Once upon a time, when Brahmadatta was King of Benares, there was in the kingdom of Kāsi a village named Dhammapāla, and it took that name because the family of one Dhammapāla dwelt there. From his keeping the Ten Paths of Virtue this brahmin was known where he dwelt as Dhammapāla, or the Lawkeeper. In his household, even the servitors gave alms, and observed virtue, and kept the holy day.

At that time the Bodhisatta came to life in that household, and to him they gave the name of Dhammapāla-Kumāra, or Lawkeeper the Younger. So soon as he came of age, his father gave him a thousand pieces, and sent him to study at Takkasilā. Thither he went, and studied with a world-famed teacher, and became the chief pupil in a company of five hundred youths.

Just then died the eldest son of the teacher; and the teacher, 1 5 surrounded by his pupils, in the midst of his kith and kin, weeping did the lad's obsequies in the cemetery. Then the teacher with his company of kinsfolk, and all his pupils, were weeping and wailing, but Dhammapāla only neither wept nor wailed. When afterwards the five hundred youths had returned from the cemetery, they sat down in their teacher's presence,

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and said, "Ah, so fine a lad, so good, a tender child, to be cut off in his tender age and parted from father and mother!" Dhammapāla replied, "Tender indeed, as you say! Well, why did he die at a tender age? ’Tis not right that children of tender age should die." Then they said to him, "Why, Sir, do you not know that such persons are but mortal?"—"I know it; but in tender years they die not; people die when they are grown old."—"Then are not all component things transitory and unreal?" "Transitory they are, it is true; but in the days of youth creatures do not die; it is only when they are grown old that they die."—"Oh, is that the custom of your family?"—"Yes, that is the custom in my family." The lads told this conversation to their teacher. He sent for Dhammapāla, and asked him, "Is it true, Dhammapāla, my son, that in your family they do not die young?" "Yes, teacher," said he, "it is true."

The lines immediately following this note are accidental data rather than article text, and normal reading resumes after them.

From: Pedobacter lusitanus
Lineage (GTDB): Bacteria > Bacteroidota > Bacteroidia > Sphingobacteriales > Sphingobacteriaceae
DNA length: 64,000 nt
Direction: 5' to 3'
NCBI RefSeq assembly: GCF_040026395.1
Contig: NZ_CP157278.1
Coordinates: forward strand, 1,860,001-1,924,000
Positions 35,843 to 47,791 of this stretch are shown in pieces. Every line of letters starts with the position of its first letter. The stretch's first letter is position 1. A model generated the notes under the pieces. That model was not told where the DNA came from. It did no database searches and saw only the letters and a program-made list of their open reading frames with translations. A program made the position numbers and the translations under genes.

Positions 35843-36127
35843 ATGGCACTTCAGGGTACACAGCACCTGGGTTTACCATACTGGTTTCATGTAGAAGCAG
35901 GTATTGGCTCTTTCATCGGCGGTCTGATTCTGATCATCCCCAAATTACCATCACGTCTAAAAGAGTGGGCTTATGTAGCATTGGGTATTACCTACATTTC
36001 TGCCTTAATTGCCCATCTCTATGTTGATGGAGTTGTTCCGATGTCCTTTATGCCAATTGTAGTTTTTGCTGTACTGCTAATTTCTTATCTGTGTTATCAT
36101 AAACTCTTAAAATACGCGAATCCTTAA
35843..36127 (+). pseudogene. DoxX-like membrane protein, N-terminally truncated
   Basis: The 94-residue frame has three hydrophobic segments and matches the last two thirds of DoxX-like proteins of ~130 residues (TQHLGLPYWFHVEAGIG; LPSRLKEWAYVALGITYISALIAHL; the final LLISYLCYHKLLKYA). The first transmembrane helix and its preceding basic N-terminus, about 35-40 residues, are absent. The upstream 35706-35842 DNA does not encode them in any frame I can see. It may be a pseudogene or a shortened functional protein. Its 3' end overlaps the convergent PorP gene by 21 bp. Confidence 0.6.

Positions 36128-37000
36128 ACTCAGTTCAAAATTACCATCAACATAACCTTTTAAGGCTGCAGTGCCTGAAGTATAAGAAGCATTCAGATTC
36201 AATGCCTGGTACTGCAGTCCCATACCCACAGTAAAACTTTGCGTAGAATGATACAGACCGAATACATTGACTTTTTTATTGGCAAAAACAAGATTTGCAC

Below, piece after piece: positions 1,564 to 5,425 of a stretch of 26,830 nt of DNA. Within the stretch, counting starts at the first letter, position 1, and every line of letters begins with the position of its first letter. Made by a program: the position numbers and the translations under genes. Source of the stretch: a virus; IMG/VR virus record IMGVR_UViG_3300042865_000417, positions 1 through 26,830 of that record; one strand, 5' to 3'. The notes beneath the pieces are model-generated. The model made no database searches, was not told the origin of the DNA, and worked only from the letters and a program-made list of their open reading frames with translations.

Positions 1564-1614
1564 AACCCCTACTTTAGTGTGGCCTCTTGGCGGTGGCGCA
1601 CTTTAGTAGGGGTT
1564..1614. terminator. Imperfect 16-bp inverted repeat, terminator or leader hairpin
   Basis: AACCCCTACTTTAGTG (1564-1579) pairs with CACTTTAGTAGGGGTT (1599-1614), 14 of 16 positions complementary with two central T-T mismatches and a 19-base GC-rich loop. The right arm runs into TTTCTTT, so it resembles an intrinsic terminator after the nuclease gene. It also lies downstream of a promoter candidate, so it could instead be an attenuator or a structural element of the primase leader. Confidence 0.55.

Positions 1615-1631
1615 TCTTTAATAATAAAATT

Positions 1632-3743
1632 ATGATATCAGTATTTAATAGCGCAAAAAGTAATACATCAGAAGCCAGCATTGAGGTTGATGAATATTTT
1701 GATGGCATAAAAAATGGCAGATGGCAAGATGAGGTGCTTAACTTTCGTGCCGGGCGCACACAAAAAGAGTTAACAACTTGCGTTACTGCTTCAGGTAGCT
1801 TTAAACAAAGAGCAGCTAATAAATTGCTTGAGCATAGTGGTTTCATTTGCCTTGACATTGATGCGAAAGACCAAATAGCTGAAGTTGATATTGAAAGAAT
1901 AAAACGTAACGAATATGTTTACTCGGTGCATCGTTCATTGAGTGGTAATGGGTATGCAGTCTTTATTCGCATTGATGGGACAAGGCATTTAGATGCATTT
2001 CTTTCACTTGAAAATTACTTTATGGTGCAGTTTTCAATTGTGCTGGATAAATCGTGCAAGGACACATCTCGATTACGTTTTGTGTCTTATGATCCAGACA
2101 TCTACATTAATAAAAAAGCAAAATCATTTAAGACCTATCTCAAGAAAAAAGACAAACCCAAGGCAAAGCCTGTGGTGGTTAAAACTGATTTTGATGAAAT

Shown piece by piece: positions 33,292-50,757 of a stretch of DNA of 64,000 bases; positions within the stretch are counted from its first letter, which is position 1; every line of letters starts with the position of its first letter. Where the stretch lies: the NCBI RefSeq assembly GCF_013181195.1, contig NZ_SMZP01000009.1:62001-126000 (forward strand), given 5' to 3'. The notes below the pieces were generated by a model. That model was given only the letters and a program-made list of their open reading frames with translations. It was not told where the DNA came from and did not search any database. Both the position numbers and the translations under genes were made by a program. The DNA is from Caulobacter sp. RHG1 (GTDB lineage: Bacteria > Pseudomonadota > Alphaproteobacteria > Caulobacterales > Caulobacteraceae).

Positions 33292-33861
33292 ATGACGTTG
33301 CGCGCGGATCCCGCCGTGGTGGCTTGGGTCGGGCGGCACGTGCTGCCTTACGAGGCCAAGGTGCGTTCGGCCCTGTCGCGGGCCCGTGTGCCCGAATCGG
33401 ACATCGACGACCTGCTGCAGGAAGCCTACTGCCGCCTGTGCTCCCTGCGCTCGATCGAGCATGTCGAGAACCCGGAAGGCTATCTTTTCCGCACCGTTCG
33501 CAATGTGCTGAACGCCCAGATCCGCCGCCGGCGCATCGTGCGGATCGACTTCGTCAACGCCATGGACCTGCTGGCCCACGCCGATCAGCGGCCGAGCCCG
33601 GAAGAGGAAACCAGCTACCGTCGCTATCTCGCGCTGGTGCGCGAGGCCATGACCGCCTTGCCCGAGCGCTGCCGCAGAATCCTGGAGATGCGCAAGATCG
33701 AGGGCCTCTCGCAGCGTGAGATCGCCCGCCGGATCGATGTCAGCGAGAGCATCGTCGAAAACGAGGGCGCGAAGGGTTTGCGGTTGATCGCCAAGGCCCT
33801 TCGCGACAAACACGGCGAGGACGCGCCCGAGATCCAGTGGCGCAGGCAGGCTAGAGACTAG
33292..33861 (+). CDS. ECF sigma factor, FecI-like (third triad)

On hearing this, the teacher thought, "This is a most marvellous thing he says! I will make a journey to his father, and ask him about it; and if it be true, I will live according to his rule of right."

So when he had finished for his son all that should be done, after lapse of seven or eight days he sent for Dhammapāla, and said, "My son, I am going away from home; while I am away, you are to instruct these my pupils." So saying, 2 5 he procured the bones of a wild goat, washed them and scented them, and put them in a bag; then taking with him a little page-boy, he left Takkasilā, and in course of time arrived at that village. There he enquired his way to Mahā-dhammapāla's house, and stopped at the door.

The first servant of the brahmin who saw him, whoever it was, took the sunshade from his hand, and took his shoes, and took the bag from the servant. He bade them tell the lad's father, here was the teacher of his son Dhammapāla the Younger, standing at the door. "Good," said the servants, and summoned the father to him. Quickly he came to the threshold, and "Come in!" said he, leading the way into his house. Seating the visitor upon a couch, he did a host's duty by washing his feet, and so forth.